The doctor, who we all assumed was from India but was actually a native of Pakistan, was gentle, reassuring, and patient with my Midwestern farm family. We couldn’t pronounce his name, and as he shook my father’s hand he said, in his soothing accent, “Please, call me Dr. Jim.” My father, whose boots were caked with hog manure, appeared relieved, and they sat down to review what would happen on the day of my sister’s surgery. Dina had to have her back operated on, or her S-shaped spinal column would eventually crush her heart. Dr. Jim talked as if Dina’s back were the most important medical problem in the world, and he expertly sketched out the surgery for us on a sheet of paper. It resembled a plan for a marvelous spaceship: difficult to decipher but beautiful.

On the drive home my mother had a gleam in her eye and said Dr. Jim looked like “a tanned Elvis.” It was the summer of 1979, the height of the energy crisis. Every gas station we passed had long lines at the pump.


One month later Dina celebrated her sixteenth birthday in a rotating bed at Parkview Hospital in Fort Wayne, Indiana. When we brought in her cake, she was positioned facedown in midair, pins in her temples and knees to hold the weights that were supposed to straighten her crooked spine in preparation for the surgery, in which Dr. Jim would graft rods to her vertebrae to keep them in line. Eleven years old, I slid under the metal contraption that held Dina aloft and waited for my mother to hand me the round cake with pink icing and the words “Hot Stuff” spelled out in fructose-laden letters.

“Be careful,” my mother said as she placed the cake in my wobbly hands. Her voice was dull, and she sounded exhausted. I feared she was becoming depressed.

It had been my idea to crawl under the strange bed and have Dina blow her candles out through the canvas mask that held her head in place. (My mother had stuffed cotton along the edges of the mask to prevent a rash that had started to circle Dina’s face.) But I scooted too quickly on my rear end, and the cake flopped over onto the tile floor.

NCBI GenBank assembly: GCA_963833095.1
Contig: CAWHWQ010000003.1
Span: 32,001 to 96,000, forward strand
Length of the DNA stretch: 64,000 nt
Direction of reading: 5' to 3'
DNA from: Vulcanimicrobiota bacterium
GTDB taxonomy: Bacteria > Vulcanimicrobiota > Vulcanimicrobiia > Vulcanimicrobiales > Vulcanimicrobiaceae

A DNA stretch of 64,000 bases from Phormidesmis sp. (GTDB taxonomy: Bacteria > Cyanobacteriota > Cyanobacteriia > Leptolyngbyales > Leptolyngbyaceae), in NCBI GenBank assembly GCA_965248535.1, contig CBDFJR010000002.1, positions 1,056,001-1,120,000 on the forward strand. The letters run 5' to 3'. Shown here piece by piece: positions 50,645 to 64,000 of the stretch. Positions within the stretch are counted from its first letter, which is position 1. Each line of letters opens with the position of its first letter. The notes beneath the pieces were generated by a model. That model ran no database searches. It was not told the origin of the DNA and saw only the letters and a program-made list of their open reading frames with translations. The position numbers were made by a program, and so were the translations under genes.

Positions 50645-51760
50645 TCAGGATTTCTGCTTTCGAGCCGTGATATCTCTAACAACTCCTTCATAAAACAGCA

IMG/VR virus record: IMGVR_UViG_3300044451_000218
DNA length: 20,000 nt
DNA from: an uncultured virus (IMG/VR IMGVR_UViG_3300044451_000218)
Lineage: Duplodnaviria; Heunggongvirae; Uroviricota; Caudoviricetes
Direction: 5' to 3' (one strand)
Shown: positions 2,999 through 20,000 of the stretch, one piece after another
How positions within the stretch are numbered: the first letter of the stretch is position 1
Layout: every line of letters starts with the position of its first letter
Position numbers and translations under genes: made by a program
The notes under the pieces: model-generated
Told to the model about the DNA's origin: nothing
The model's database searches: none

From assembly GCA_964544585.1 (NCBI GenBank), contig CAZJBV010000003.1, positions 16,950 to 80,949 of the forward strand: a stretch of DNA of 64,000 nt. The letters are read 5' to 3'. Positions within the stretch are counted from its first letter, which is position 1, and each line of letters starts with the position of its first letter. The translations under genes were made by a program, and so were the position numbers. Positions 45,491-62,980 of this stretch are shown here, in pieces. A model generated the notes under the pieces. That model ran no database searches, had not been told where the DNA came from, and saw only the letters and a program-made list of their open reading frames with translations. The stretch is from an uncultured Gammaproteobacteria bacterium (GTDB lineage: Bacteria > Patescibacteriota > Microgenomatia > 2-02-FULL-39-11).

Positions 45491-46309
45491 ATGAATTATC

My mother dangled a wad of Kleenex at me. “Here,” she said, “wipe it up, honey, so the bugs don’t come in.”

I tried to clean the mess but only made it worse. The icing just kept fanning out in wider and wider circles. I was anxious because I didn’t want the accident to deepen my mother’s sadness. When I looked up at Dina’s face, framed in canvas and cotton, her eyes were tearing up. Soon we were both crying. I reached to wipe her tears and managed to leave a glob of sticky icing on her red cheek. We began laughing then, while still sobbing.

“Well, for goodness’ sake. This is supposed to be a birthday party,” our mother said, sounding as though she were reading from a script.

Our mother was recovering from a hysterectomy at age thirty-eight, without hormone-replacement therapy. Her elderly male doctor in our hometown had told her she needed to get it done now: “You’ve got five kids already. That’s enough.” This was the same doctor who had delivered us all and gave us our flu shots every fall but could rarely remember our names. He was a good man but paternalistic, and the surgery he’d insisted on would leave my mother depressed for years. I became her emotional support, trying to keep her spirits up by listening to her talk about all the things she was going to do to change her life: get a new hairstyle, lose weight, go to church more often. And I kept her company while she spent her days caring for Dina.